The researchers say there are parallels between the civil war and the situation that El Salvador is living through right now with its high incidence of gang-related deaths and murders.
“A lot of the survivors and families are getting older and older and they are worried that their children and grandchildren will not know about the difficulties they faced,” said Ferrucci, adding, “If they do not try to create the bridge between them and the new generation then they feel that the war may happen again.”
“Many people in El Salvador say they feel more unsafe now than they did during the war,” said Jaime Brenes Reyes, a member of the Western research team who is leading the fundraising campaign.
Reyes himself has seen how survivors’ stories can be told for the benefit of their country. The PhD student in Comparative Literature led a workshop with former refugees in El Salvador last April, some of whom didn’t know how to read or write.
Some were mesmerized when they heard their stories read to them. It was a touching moment for him, said Reyes.
“History is in the making. Being a campesino [subsistence farmer] doesn’t mean that you don’t know how to tell the story, or that you can’t change the future,” he adds, and emphasizes, “These things change how they approach their community, how they think about themselves, and what they know about their own history.”
Building from the bottom-up
This project is not like traditional humanitarian work. Solidarity with the community is at the core, instead of the usual top-down research model, said Grzyb. They work with communities at their own pace, supporting them to realize their own vision for the memorial, she said.
“Sometimes the process is just as important as the goal,” said Grzyb. “It always needs to be led by the community members themselves.”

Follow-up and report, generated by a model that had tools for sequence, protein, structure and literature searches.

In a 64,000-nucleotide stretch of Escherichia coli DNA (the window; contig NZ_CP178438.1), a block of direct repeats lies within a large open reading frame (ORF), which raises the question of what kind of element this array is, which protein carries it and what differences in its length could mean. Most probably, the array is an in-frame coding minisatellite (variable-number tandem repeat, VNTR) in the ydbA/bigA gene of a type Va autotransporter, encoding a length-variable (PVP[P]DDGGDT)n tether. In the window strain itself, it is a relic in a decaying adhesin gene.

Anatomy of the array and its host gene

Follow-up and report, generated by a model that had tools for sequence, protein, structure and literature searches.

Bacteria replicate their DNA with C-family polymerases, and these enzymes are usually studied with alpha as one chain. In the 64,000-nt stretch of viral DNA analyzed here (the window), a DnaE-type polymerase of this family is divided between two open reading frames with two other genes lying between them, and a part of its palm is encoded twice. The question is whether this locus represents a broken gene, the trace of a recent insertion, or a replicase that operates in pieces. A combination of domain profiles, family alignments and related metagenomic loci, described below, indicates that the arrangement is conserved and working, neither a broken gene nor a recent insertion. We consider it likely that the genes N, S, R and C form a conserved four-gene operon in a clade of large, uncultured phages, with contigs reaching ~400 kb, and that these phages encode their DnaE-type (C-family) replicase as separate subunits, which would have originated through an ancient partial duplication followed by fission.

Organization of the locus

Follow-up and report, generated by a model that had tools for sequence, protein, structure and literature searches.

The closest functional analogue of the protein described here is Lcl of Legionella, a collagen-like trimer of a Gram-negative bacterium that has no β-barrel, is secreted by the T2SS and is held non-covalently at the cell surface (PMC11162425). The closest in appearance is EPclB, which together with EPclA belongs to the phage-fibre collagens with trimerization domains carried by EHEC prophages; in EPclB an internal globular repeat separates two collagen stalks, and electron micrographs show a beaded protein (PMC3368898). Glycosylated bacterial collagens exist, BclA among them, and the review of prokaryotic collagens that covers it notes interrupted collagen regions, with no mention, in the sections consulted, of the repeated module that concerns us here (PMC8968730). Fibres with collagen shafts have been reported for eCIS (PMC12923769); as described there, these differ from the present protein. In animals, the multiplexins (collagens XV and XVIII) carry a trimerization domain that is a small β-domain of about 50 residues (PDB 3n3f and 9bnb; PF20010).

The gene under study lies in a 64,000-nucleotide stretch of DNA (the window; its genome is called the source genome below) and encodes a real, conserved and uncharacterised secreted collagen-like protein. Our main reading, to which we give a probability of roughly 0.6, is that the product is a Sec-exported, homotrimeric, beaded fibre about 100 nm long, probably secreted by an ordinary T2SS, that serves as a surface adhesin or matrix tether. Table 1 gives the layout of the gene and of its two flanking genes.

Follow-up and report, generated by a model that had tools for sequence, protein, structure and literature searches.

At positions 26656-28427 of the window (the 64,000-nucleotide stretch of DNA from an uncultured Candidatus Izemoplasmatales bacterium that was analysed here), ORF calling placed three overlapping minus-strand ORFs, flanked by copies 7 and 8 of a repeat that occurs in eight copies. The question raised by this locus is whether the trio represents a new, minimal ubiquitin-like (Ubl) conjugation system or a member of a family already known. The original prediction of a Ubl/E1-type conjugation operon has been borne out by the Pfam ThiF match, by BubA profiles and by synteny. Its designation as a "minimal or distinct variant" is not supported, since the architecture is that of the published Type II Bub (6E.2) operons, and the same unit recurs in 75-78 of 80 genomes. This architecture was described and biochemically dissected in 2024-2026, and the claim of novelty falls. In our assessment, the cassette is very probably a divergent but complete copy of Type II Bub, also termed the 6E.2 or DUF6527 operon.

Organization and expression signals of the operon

The SSHRC grant funded the preliminary design, but the physical construction of the memorial park will need external fundraising of $300,000.
“Our goal is to help the community with their main goal – not to impose our views,” said Reyes.
“It is a more equal and fair approach – ultimately it belongs to them,” said Ferrucci.
She added that although this memorial is focused on a specific local reality, it sets an example for how to remember the many massacres that have taken place in the last century.
“It can be used to spread a message all over the world,” said Ferriucci. It shows it’s possible to reunite again after these atrocities, try to face the difficult legacy, and validate the experience of survivors, she said.
Bridges across borders
In the middle of the Sumpul massacre, after Ayala made it through the river, she dodged bullets to find a tree in which to hide and wait. “That is how I saw so many things, I stayed hidden and they did not see me,” she said.
She watched from above as people passed to the other side of the river, were taken by the Honduran army, tied by the hand, interrogated, then handed over to the Salvadoran army to be killed.
“I could see with my eyes when they put 25 people in a line – most of them young, and one of them, a girl – they then gunned them down,” said Ayala.
Although she had no power to do anything on the day of the massacre, Ayala has found the strength to make sure her loved ones and others who died are commemorated.
Because of the solidarity from the team at Western and internationally, all the survivors from the Salvadoran communities feel supported as they continue their work, Ayala said.
“We are very motivated by the bridge they have given us… We know that we are not alone,” said Ayala.
With the work of her community and international solidarity, she is determined to achieve a future of peace with dignity for all.
“It is important for Canadians who do not know the story. It is important for everyone to know what the Salvadoran people went through in this terrible conflict,” Ayala emphasized.
And hundreds of survivors are coming forward today to make their experiences known to the world.
“Each one of the survivors has our own story of what we experienced that day of the massacre,” said Ayala “The youth of today, they do not believe there was war. It is our commitment, the ones who experienced this, to tell our stories,”